Resignation to this lot in life was so deeply ingrained in the Breton people that it caused the hygienists to wonder whether these peasants would even consent to trade their diet or belongings for better ones if given the choice. The Breton accepts his fate as final and absolute, observed Villermé and Benoiston, quoting another contemporary observer to the fact that 'he treats his poverty like a hereditary and incurable disease.'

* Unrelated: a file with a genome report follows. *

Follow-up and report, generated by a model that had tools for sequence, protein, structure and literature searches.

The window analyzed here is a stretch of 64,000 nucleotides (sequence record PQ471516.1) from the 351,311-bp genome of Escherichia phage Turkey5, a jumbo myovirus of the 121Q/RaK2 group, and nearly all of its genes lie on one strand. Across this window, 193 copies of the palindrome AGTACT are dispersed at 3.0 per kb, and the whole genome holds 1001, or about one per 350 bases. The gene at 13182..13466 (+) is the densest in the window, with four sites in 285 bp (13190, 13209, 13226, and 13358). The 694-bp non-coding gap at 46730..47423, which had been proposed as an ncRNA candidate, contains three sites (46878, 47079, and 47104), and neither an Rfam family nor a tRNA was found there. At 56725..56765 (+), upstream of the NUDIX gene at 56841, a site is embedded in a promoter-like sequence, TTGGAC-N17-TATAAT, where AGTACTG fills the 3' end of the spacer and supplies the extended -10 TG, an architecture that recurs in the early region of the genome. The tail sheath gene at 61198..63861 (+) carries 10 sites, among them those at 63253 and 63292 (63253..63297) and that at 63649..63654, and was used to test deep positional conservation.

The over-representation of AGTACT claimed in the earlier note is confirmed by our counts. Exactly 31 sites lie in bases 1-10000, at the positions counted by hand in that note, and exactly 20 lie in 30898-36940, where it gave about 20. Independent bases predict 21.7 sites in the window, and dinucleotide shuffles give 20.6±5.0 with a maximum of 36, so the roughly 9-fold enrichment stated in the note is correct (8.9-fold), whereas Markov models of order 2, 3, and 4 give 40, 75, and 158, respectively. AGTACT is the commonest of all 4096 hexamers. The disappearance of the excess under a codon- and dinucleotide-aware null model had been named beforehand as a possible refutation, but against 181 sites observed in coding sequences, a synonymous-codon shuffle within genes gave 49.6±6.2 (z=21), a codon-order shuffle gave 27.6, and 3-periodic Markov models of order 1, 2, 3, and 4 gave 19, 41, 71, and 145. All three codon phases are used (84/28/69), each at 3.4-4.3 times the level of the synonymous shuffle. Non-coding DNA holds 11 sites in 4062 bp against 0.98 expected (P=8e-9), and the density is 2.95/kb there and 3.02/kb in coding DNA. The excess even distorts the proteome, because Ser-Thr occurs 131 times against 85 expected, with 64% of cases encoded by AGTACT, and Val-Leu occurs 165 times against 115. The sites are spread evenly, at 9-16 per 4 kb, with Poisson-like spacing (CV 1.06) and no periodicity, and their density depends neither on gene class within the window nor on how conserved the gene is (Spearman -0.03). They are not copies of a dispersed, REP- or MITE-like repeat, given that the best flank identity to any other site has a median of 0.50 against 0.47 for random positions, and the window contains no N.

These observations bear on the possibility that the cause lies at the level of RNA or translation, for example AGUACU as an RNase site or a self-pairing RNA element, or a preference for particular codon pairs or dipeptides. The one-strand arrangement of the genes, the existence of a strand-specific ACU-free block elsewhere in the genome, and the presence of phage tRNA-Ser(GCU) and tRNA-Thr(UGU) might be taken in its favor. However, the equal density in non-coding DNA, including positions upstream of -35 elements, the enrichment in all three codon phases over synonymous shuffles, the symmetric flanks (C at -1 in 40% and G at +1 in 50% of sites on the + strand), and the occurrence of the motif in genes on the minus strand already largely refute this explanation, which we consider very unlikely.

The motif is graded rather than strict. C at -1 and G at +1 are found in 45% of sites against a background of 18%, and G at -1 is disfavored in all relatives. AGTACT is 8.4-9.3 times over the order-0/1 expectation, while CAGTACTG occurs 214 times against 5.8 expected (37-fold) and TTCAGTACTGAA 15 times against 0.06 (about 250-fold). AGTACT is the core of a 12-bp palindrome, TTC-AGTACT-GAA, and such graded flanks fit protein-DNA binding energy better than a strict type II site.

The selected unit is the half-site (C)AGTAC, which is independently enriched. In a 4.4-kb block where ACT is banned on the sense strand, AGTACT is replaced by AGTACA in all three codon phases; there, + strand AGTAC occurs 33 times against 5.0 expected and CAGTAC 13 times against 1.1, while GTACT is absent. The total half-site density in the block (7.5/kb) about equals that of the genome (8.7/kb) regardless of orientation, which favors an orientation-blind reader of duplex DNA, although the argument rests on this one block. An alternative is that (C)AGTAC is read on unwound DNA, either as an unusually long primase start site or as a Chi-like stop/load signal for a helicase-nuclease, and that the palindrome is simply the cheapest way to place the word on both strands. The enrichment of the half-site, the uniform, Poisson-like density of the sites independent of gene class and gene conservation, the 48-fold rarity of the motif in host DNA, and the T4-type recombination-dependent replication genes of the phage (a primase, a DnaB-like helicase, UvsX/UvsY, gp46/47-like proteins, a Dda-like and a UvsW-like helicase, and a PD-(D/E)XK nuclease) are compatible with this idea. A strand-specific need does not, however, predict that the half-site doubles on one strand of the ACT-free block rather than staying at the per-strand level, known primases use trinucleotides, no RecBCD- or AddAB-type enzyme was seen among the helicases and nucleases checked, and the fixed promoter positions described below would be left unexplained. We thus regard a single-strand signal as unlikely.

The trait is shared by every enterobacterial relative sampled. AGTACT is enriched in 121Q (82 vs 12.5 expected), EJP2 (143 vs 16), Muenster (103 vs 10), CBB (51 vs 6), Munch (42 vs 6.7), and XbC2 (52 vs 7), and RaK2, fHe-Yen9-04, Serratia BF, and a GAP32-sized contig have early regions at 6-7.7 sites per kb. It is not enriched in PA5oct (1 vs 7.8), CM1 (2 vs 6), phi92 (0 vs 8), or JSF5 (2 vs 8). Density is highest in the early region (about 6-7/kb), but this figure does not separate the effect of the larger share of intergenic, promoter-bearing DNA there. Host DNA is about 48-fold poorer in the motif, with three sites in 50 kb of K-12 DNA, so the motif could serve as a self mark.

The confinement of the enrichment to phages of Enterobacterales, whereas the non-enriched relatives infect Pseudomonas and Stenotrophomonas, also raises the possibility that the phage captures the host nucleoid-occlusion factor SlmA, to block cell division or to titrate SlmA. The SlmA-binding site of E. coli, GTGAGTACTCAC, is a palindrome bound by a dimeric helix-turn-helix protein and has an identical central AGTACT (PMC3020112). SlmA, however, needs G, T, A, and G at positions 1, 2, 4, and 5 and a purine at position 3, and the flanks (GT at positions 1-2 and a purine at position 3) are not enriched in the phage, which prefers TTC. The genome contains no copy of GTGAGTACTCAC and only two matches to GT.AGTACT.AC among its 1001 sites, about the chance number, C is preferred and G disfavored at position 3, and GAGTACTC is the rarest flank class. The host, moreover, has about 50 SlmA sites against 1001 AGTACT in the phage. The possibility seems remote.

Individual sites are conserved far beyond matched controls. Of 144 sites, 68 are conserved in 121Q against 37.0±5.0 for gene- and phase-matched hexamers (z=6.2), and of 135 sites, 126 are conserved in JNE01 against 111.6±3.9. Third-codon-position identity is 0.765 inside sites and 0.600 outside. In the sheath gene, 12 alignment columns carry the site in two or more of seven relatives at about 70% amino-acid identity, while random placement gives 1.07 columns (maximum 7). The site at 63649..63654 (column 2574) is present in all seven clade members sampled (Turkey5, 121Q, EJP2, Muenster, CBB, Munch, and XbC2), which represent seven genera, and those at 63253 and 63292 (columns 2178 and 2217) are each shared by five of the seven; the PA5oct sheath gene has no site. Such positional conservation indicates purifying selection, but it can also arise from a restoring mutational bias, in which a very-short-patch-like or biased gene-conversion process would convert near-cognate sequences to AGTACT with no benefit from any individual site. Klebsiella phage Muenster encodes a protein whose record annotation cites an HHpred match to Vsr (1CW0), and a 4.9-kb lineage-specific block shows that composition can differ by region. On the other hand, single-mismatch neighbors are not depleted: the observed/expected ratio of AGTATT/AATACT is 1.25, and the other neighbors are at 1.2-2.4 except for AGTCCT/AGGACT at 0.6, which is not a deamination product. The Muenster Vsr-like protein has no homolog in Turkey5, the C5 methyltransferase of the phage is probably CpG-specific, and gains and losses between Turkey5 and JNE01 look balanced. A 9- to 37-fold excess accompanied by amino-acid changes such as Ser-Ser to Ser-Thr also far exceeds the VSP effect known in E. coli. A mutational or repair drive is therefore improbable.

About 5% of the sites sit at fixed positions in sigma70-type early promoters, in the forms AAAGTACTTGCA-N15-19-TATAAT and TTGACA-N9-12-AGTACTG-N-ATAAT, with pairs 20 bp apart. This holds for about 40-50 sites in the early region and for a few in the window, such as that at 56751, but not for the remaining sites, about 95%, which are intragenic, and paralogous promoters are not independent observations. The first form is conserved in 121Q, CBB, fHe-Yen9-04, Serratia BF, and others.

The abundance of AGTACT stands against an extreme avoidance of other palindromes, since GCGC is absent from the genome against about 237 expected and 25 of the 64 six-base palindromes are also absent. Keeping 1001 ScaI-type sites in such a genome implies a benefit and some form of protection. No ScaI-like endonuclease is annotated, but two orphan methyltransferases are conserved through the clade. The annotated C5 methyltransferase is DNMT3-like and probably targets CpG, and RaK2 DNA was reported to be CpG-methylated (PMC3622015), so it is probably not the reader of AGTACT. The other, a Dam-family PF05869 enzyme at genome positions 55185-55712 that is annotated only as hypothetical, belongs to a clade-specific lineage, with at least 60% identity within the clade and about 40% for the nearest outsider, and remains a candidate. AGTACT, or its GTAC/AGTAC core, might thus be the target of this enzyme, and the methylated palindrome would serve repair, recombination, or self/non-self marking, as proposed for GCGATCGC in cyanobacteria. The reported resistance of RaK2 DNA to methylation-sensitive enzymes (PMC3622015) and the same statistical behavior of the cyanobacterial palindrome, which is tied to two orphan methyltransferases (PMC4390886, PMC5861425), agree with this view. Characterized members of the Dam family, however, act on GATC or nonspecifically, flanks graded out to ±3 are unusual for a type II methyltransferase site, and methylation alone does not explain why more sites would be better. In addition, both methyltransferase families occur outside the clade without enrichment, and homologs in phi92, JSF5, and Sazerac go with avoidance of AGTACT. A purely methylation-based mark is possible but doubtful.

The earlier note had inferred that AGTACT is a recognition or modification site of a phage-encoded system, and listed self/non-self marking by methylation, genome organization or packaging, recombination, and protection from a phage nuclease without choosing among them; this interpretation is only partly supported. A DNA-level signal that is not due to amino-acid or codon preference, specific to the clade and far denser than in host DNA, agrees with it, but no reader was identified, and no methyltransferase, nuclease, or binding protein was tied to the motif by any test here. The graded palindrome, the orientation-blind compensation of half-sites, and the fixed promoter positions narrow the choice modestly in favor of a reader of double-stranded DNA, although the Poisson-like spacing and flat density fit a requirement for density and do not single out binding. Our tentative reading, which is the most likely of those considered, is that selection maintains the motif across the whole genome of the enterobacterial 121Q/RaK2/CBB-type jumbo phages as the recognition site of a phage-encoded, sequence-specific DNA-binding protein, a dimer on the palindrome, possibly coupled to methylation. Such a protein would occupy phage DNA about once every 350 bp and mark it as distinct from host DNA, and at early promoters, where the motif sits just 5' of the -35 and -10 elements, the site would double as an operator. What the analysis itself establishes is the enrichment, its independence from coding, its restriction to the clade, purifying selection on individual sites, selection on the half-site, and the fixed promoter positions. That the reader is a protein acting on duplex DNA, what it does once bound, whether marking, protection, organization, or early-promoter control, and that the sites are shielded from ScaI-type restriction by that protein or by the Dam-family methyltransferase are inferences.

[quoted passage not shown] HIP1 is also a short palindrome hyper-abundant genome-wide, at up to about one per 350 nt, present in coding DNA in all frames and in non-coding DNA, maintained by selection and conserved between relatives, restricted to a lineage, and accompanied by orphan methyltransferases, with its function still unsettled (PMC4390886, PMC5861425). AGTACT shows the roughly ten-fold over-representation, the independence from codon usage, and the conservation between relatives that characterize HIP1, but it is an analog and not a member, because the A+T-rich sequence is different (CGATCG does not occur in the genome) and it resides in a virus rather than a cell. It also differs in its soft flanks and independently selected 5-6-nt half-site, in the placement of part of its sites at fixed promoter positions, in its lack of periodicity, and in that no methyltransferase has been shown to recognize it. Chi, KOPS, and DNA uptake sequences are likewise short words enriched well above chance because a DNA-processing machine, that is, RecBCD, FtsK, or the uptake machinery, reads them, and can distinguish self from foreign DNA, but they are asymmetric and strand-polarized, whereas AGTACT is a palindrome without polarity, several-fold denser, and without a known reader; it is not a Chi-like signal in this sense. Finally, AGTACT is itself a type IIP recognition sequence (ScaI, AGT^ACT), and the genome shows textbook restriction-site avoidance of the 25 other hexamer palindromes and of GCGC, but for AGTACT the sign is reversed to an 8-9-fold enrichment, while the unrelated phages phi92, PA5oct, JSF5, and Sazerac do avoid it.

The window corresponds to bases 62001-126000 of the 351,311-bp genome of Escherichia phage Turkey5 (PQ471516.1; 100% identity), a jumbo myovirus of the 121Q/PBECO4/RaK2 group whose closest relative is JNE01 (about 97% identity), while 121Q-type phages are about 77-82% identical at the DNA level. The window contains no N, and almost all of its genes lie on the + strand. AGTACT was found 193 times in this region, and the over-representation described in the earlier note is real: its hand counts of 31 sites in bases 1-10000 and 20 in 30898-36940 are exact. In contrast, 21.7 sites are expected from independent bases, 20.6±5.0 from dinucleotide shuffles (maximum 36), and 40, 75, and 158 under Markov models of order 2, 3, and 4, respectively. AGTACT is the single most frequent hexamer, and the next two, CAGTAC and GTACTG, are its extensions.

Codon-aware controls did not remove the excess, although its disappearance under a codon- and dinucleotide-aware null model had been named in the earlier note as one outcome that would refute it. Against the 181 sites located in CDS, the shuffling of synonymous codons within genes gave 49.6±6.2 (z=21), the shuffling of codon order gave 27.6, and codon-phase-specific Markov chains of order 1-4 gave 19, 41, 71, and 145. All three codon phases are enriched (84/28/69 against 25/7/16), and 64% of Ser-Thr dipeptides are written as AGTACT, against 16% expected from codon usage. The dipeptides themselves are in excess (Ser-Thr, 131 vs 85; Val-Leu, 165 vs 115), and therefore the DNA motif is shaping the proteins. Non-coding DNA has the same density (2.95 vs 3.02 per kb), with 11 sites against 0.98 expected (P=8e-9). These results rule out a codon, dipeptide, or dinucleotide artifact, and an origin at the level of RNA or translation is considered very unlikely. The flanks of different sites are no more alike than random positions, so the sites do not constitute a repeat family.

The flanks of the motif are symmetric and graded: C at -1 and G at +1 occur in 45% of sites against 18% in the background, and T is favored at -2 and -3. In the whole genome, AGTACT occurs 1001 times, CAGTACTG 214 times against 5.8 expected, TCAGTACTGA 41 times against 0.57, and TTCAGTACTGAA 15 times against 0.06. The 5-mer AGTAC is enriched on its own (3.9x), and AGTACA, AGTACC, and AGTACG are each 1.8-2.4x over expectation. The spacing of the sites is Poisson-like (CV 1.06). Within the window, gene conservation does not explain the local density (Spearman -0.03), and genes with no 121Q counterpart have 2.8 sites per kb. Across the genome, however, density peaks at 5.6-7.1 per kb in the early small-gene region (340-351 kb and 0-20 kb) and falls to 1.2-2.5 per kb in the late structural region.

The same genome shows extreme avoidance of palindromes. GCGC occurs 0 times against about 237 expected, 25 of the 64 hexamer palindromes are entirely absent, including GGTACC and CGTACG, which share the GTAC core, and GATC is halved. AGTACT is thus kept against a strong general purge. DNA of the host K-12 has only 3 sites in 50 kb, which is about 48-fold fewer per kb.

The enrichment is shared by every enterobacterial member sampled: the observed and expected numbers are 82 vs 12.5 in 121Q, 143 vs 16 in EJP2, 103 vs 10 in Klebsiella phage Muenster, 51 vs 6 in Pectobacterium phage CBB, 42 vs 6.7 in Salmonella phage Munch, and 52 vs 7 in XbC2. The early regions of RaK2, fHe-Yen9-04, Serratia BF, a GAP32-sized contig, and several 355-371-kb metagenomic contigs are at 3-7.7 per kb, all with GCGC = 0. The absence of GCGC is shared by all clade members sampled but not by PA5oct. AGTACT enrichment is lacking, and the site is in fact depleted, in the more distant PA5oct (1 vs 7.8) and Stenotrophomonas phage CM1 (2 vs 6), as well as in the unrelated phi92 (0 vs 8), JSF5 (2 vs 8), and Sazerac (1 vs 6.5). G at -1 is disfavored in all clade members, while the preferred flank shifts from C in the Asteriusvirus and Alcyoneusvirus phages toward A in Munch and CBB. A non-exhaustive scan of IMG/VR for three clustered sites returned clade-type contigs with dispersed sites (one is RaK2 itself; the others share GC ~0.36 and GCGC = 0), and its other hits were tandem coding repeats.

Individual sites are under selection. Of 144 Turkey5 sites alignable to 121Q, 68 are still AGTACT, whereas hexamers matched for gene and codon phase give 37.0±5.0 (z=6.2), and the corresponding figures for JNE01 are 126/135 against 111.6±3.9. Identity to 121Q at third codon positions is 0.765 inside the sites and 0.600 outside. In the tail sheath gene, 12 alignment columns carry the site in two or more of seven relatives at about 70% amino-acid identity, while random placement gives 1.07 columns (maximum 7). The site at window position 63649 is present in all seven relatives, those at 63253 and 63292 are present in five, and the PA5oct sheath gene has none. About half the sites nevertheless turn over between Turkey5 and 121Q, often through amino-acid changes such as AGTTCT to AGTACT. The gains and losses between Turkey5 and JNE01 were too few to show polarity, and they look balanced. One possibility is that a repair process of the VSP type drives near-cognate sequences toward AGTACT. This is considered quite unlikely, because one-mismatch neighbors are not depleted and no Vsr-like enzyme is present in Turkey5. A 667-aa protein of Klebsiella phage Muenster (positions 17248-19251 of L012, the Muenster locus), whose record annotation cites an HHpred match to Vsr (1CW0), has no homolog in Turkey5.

10/24/2020 Cooking is fun. Read lottery isekai vol8. Still fantastic. It goes quite hard on trade/industrialization, would be interesting to tackle poverty in what is essentially feudal society. Reading A Generation of Sociopaths: How the Baby Boomers Betrayed America. The author is a venture capitalist, title's a bit trashy, and I hesitate to call it "good sociology" or "good" but I don't regret reading it. I just can't shake my suspicions at some of the assertions he makes, especially without any references. He does bring some interesting insight, like how the supposedly anti-war 60's students were among the most hawkish survey respondents prior to the draft. He also asserts that while West-coast communes and collective farms have brought little institutional change post-Vietnam, right-wing libertarians on the same coin also distrustful of "the man" have found a place in the Republican party.